Open to all facilities impacted by FSMA, this course is the standardized training developed by the Food Safety Preventive Controls Alliance (FSPCA). Led by Gary Huddleston of AFIA, the course content will provide knowledge of the FSMA animal preventive controls rule and training for creation of an effective animal food safety plan. A certificate of completion will be given by the FSPCA to individuals that attend the course in full.… Continue reading

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USDA reminds Ohio producers to file crop acreage reports

Agricultural producers in Ohio who have not yet completed their crop acreage reports after planting should make an appointment with their U.S. Department of Agriculture (USDA) Farm Service Agency (FSA) office before the applicable deadline.

“Many USDA programs require producers to file an accurate crop acreage report by the applicable deadline,” said Mark VanHoose, Acting State Executive Director in Ohio. “Our FSA staff can assist producers in completing acreage reports, including providing maps.”

An acreage report documents a crop grown on a farm or ranch and its intended uses. Filing an accurate and timely acreage report for all crops and land uses, including failed acreage and prevented planted acreage, can prevent the loss of benefits.

The following acreage reporting dates are applicable for:

July 15, 2021 — Report all your burley tobacco, cabbage (planted 3/19/21-5/31/21), corn, grain sorghum, hybrid corn seed, spring oats, popcorn, potatoes, soybeans, sugar beets, tomatoes and all other spring-seeded crops.… Continue reading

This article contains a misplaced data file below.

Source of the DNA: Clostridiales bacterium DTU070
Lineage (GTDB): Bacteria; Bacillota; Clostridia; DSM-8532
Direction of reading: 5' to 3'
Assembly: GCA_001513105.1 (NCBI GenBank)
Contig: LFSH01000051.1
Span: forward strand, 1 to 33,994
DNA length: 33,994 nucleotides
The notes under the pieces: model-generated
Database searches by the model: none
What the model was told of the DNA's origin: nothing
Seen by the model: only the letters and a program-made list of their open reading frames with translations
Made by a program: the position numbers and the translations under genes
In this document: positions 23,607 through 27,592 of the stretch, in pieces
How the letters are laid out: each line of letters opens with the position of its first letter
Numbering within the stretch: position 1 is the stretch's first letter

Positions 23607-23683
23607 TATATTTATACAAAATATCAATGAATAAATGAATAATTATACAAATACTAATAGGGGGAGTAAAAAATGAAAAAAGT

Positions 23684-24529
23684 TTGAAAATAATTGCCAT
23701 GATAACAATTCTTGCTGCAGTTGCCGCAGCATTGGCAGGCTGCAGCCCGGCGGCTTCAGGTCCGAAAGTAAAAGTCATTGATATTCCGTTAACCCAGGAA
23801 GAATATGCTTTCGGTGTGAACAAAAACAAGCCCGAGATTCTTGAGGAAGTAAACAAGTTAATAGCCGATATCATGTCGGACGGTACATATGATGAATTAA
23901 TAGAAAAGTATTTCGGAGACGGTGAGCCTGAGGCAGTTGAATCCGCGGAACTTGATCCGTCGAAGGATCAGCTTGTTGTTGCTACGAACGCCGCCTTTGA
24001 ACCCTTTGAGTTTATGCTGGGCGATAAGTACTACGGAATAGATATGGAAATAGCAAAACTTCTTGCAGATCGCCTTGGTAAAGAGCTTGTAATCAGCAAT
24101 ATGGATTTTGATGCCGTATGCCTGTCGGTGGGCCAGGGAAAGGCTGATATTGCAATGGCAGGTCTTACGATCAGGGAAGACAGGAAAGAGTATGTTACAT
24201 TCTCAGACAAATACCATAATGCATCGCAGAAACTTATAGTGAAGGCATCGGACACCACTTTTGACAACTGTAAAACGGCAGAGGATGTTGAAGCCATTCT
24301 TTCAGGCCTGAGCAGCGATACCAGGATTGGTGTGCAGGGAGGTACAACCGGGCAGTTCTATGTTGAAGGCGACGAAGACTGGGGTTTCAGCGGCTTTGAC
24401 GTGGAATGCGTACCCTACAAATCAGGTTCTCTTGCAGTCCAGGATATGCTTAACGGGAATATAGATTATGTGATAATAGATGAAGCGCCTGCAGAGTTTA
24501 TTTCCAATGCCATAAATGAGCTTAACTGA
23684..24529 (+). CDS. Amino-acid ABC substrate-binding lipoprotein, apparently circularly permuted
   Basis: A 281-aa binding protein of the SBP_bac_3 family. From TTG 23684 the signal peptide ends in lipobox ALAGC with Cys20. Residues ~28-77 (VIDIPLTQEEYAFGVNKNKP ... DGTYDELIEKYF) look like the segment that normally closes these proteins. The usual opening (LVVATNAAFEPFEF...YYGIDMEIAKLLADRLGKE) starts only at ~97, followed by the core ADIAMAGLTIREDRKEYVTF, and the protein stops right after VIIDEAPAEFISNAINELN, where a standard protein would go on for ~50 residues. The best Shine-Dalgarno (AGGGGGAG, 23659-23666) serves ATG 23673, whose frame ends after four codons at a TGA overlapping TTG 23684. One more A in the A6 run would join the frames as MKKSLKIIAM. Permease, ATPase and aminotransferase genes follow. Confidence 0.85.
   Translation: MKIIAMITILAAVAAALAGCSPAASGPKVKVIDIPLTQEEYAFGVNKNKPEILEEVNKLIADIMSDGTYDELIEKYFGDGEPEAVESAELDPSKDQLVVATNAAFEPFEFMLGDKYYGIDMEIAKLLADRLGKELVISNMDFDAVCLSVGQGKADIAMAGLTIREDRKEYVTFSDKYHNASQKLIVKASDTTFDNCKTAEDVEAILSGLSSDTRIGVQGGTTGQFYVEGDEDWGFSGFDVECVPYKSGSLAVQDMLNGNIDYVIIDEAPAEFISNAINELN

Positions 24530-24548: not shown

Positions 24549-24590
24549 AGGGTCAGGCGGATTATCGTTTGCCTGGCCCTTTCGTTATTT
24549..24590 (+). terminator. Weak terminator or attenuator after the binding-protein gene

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Inputs to consider in 2021

By Luke Schulte, Beck’s Hybrids

The casinos of Las Vegas were not built upon the hopes of the “house” winning more than the gambling participants. While farming is a gamble considering the unknown of weather, having a more predictable response to specific inputs is always beneficial. 

Beck’s Practical Farm Research (PFR) team has evaluated hundreds of products and practices over the years. In an effort to provide farmers with a list of products and practices that resulted in the greatest consistency of ROI, Beck’s developed their PFR Proven designation in 2017. For a product or practice to earn the distinction of PFR Proven, it needs to have been tested a minimum of 3 years, must provide a positive yield gain each year, and it must average a positive return on investment over that 3-year period.

June/July PRF proven products

Humika (Sidedress Nitrogen Additive) 

Humic substances, those containing carbon like humic acids, provide several benefits to both the soil and plants.… Continue reading

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4-H camp is back!

By Sally McClaskey, Ohio 4-H Youth Development

2020 saw the cancellation of 4-H camps due to COVID-19 restrictions and while camps will operate a bit differently to keep campers safe and follow recommended guidelines, many of the same activities will take place. 

The Ohio 4-H Camping Design Team spent the winter developing plans for different camp scenarios. “We looked at guidelines from the American Camp Association (ACA), Ohio State University and the Ohio Department of Health,” said France Foos, design team leader and the 4-H educator in Madison County. 

The team also reviewed research that examined the importance of camping experiences. 

“The ACA has extensive data that shows how camp contributes to the mental and physical well-being of youth,” Foos said. “And with all kids have been through over the past 18 months, going to camp could make a positive difference.” 

OSU approved the Ohio 4-H camp plan in April. Health requirements will be followed with detailed guidelines for keeping youth and counselors safe at overnight camps.… Continue reading